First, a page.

Incidence of Dementia, Alzheimer Disease, and Vascular Dementia in a Japanese Population: Radiation Effects Research Foundation Adult Health StudyYamada M.a · Mimori Y.c, d · Kasagi F.b · Miyachi T.c · Ohshita T.c · Sudoh S.c · Ikeda J.c · Matsui K.c · Nakamura S.c · Matsumoto M.c · Fujiwara S.a · Sasaki H.a, e
Departments of aClinical Studies and bEpidemiology, Radiation Effects Research Foundation, and cDepartment of Clinical Neuroscience and Therapeutics, Hiroshima University Graduate School of Biomedical Sciences, dSuiseikai Kajikawa Hospital, eHiroshima Atomic Bomb Casualty Council Health Promotion Center, Hiroshima, Japan
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Objective: To determine the age-, sex-, and subtype-specific incidence of dementia and to assess the effect of education level on the incidence in a Japanese population. Methods: 2,286 dementia-free subjects, aged ≧60 years, were followed for 5.9 years through biennial two-phase examinations. Results: 206 cases of dementia were newly diagnosed based on DSM IV. The incidence per 1,000 person-years was 12.0 for men and 16.6 for women. Based on NINCDS-ADRDA criteria, 80 cases of probable Alzheimer disease (AD) and 50 cases of possible AD were diagnosed. Based on NINDS-AIREN criteria, 36 cases of probable vascular dementia (VaD) and 40 cases of possible VaD were diagnosed. Age and education showed the most statistically significant effects for all dementia. Probable AD showed the most remarkable increase with age and decreased with increasing education level (p = 0.001). Probable VaD showed significant effects of sex (p = 0.033) and sex-age interaction (p = 0.048), but not education (p = 0.26). Conclusion: AD was the predominant type of dementia in this recent incidence study conducted in Japan, suggesting a reduction in VaD and an increase in AD. Age, sex, and education effects differed by dementia subtype.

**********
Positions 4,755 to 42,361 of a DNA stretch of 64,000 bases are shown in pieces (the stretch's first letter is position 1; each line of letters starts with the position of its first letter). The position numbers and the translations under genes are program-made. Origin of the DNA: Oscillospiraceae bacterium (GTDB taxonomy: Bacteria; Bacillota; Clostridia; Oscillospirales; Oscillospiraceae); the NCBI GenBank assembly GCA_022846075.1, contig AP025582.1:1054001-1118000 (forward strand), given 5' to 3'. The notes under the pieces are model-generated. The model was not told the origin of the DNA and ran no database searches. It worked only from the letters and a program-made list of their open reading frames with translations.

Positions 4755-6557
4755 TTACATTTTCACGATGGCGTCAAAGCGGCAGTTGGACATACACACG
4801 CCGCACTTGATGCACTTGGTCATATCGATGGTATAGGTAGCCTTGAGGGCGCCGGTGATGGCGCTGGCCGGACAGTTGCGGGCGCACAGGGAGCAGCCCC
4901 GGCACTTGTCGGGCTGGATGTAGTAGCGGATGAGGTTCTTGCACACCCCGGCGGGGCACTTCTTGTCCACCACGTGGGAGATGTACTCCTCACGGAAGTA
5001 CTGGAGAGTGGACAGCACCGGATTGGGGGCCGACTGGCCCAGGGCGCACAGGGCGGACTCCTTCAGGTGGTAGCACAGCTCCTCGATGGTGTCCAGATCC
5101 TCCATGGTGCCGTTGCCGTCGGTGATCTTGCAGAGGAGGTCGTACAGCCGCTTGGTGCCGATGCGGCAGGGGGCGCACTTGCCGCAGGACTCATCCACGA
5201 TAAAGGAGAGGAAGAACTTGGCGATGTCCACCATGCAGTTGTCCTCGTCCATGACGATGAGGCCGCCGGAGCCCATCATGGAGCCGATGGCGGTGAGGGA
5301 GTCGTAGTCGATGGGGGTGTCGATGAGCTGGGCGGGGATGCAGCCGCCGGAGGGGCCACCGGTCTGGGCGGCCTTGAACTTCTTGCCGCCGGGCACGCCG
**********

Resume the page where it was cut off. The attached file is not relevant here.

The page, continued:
© 2008 S. Karger AG, Basel
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